Science Fiction Studies

#41 = Volume 14, Part 1 = March 1987

W. Warren Wagar

The Best and Worst of Times

David Bleich. Utopia: The Psychology of a Cultural Fantasy. Ann Arbor, MI: UMI Research Press, 1984. 154pp. $32.95.

Alexandra Aldridge. The Scientific World View in Dystopia. Ann Arbor, MI: UMI Research Press, 1984. 97pp. $27.95.

Two of the better dissertations in utopian/dystopian studies are now available as clothbound books in Robert Scholes's series of "Studies in Speculative Fiction" from UMI Research Press. Each is primarily a work of literary criticism, dwelling on a few major texts. Each is pollinated by wisdom from another field, David Bleich's 1970 thesis by Freudian and Eriksonian psychoanalysis and Alexandra Aldridge's 1978 thesis by intellectual history. As an intellectual historian, I take more kindly to the efforts of Aldridge, but both books are instructive despite their brevity and failure to add insights from recent scholarship. (Bleich cites nothing published after 1967, except a book of his own, Aldridge nothing published after 1977.)

Whether these are also contributions to SF studies in the purest sense depends on one's definitions of the various genres concerned. Bleich's mission is clearly to establish that modernist mainstream fiction represents the triumph of "adult" sensibilities over the "adolescent" utopism of the period 1870-1914, as shown by the putative triumph of Henry James over H.G. Wells. For her part, Aldridge challenges Darko Suvin's claim that utopias and dystopias are a subgenre of SF and finds most of her key texts falling outside the SF canon. In any event, with the exception of Bleich's lengthy analysis of James's The Golden Bowl, it is safe to say that the attention of both scholars centers on works of speculative fiction. You have been warned!

Utopia: The Psychology of a Cultural Fantasy is the more ambitious of the two studies. As often happens in psycho-criticism (or psychohistory), Bleich succumbs to the temptation to reduce everything to the traumas of growing up. Works of literature are not art, thought, reflections of class consciousness, or products of the Zeitgeist, but expressions of feelings generated in childhood. Utopian fantasy is an especially easy target. From its beginnings, writes Bleich, the utopian device has enabled immature males (ignoring all evidence to the contrary, he excludes women from the game) to revel in illusions of omnipotence. In their fantasy lives they topple their fathers and regain admission to the paradise of Mother Earth. Thus, Thomas More's Utopia and also his martyrdom issued from an adolescent struggle for identity, which included rebellion against a father who urged him to pursue a legal career and serve established power, come what may. William Morris's utopian socialism is reduced to adolescent estrange- ment and latent homosexuality. Edward Bellamy seethed with boyhood dreams of being a soldier. Adolf Hitler was a typical adolescent gang leader, a Big Brother who led his siblings in rebellion against the paternal old order. And so forth.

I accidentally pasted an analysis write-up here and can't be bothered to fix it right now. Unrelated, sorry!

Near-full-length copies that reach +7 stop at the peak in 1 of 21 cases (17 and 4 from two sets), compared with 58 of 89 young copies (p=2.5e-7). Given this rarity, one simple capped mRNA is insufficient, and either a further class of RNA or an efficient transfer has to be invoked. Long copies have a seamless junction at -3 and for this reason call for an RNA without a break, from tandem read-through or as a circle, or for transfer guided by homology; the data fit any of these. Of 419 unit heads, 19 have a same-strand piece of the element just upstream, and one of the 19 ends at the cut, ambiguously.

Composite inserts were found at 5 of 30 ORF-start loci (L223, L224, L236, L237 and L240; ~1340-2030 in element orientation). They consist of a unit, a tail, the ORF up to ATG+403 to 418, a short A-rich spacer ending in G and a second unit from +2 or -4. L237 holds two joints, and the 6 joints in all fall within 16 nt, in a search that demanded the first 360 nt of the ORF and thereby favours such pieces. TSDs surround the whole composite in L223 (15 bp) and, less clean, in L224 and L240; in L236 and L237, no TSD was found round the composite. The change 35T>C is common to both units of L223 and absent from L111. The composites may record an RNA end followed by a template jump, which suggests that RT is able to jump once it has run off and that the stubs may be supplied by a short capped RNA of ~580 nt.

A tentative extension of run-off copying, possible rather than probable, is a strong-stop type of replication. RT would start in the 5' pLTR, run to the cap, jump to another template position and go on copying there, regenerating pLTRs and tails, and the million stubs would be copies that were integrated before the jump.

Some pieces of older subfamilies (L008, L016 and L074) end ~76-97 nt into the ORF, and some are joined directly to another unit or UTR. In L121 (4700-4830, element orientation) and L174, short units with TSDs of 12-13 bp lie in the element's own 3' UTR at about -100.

Eras in history display, for Bleich, the same neurosis. For England and America in the late 19th and early 20th centuries (up to 1914), "the idea of utopia...can be viewed as expressing the period's unique historical identity" (p. 10). Utopias were unusually popular at this time because they expressed national fears and desires. In the case of America, 1870-1914 was the age of transition from adolescence to maturity as a people, the age of gun-slinging cowboys and Robber Barons. Great Britain had no cowboys, but utopian fantasies appeared "as if an expression of guilt for the similarly unscrupulous process of empire building" (p. 42). But after 1914 both nations settled into a more adult way of life that exposed utopian fantasies for what they are.

Germans, unfortunately, have been suffering from a severe and protracted identity crisis since the late Middle Ages--which explains why utopian (or millenarian) fantasies tend to be more violent in the German lands than in England or America, and why they more often lead to destructive efforts to make the dreams come true. Bleich contrasts Thomas Mntzer with Thomas More and finds that although More's utopism was finally acted out in martyrdom, he did not make the mistake of trying to raise a whole nation against its king in order to erect a new social order. More's defiance of Henry VIII was a responsible, adult behavior; Mntzer's role in the German peasant rebellion of the same period was the work of a neurotic adolescent psyche, surpassed only by the career of that supreme fantasist, Adolf Hitler. The difference is simply, according to Bleich, that English utopism is "better socialized," more readily confined to literary expression. Indeed, "the relatively peaceful evolution toward democracy in English government can be partially explained by the siphoning off, through the utopian tradition, of truly aggressive, destructive, revolutionary impulses" (p. 20).